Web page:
Witnesses said the 62-year-old Ahern was attacked at a bar Friday by a middle-aged man wielding a crutch.
He has also been the subject of two incidences of verbal abuse and intimidation on his way to and from another pub he has frequented for many years in his native Drumcondra, the Irish Independent reported.
Ahern, who led the Fianna Fail party to three successive general election victories between 1997 and 2007, stepped down as prime minister -- or taoiseach -- in 2008 following allegations of bribe-taking made at a tribunal investigating corruption in Dublin.
During his time in office, Ahern was regarded as one of Ireland's most successful prime ministers, serving as the country's leader as it enjoyed a decade-long economic boom known as the Celtic Tiger era.
After his departure, however, the nation suffered a catastrophic recession that has been partly blamed on Fianna Fail's policies of lax banking supervision, fueling a real estate bubble.
In 2010 Ireland received a $113 billion bailout from the European Union and the IMF and has since been subjected to harsh austerity measures.
Ahern has taken the blame from the Irish public, which is still suffering with an unemployment rate of 13.4 percent.
In the Friday incident, Ahern was at the Sean O'Casey Pub near the Abbey Theater in central Dublin when he was attacked by Ray Connolly, who admitted to the Irish Independent he took a swing at the former taoiseach with his crutch.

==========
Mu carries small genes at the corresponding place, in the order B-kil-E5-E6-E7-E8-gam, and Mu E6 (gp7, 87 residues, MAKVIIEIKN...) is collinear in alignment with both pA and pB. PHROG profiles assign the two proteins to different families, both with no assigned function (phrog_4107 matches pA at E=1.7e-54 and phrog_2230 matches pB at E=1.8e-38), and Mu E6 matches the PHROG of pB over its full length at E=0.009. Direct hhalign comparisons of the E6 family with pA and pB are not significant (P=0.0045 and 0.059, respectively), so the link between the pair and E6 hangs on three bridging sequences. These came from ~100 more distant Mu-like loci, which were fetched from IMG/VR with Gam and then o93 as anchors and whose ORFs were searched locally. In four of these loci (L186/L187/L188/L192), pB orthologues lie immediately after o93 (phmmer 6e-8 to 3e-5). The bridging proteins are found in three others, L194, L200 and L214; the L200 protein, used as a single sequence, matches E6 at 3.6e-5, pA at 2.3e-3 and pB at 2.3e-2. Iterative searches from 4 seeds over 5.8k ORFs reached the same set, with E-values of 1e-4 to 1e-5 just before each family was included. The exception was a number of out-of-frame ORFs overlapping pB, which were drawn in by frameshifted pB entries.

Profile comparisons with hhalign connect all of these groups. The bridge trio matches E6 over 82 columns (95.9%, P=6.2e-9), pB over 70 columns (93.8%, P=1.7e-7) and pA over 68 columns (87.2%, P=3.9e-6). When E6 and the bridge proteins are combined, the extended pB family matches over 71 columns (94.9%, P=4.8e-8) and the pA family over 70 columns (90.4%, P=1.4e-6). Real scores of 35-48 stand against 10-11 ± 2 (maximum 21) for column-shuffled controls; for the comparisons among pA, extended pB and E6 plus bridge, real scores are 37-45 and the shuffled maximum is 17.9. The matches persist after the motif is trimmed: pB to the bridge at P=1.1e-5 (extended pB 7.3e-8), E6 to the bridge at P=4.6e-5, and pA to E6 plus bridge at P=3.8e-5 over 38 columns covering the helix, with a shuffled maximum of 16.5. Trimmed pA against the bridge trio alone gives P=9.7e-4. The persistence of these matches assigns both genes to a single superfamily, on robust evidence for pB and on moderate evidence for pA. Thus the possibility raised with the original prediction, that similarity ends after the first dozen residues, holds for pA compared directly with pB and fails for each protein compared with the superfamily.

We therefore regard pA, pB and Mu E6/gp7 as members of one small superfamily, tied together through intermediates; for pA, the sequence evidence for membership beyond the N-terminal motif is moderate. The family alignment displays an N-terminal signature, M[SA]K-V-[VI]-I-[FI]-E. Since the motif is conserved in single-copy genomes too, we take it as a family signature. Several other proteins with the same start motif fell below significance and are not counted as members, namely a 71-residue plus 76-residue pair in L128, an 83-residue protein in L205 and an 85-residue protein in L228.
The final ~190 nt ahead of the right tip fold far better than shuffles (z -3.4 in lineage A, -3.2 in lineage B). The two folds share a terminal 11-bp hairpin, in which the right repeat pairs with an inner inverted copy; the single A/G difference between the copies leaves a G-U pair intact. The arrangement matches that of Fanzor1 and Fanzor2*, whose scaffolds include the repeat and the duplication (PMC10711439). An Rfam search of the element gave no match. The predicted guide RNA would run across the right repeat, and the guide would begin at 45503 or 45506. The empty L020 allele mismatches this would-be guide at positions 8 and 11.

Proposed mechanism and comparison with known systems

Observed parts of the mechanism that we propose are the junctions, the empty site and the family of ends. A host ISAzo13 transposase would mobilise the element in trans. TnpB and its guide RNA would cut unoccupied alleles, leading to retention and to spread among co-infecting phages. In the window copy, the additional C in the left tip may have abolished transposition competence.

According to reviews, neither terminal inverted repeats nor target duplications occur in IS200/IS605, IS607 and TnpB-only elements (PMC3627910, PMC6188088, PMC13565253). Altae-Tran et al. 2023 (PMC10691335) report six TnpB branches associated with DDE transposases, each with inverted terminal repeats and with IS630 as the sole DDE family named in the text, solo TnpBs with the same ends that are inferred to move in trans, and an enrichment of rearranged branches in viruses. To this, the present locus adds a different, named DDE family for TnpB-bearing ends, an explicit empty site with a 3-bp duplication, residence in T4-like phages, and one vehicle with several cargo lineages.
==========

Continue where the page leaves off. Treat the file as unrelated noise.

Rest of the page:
Connolly said the former politician was "laughing all night long" and he became upset when he heard Ahern say, "That was in the good old days," before bursting out laughing again.
"He's put a lot of people in a terrible situation," Connolly told the newspaper.
A witness said the crutch missed Ahern, instead connecting with a counter.
Connolly was arrested and taken to a police station where he was charged with a minor offense, the newspaper reported.
Friends of the former PM told the Independent he was also the subject of hate mail in the form of a rope sent to his Dublin home, with the suggestion he hang himself with it.
Although Ahern was described as "unfazed," the incidents have reportedly prompted calls for Ahern's security arrangements to be reviewed.
The attacks came even as Ahern was warmly praised by former British Prime Minister Tony Blair for his key role in negotiating the 1998 Good Friday agreement on power-sharing in Northern Ireland.
In the foreword of a new book of diaries written by aide Alastair Campbell, Blair wrote, "We were immensely fortunate to have an Irish leadership -- in the form of Bertie Ahern and his key ministers -- that was prepared to lay aside the grievances and attitudes of the past in the interests of the future."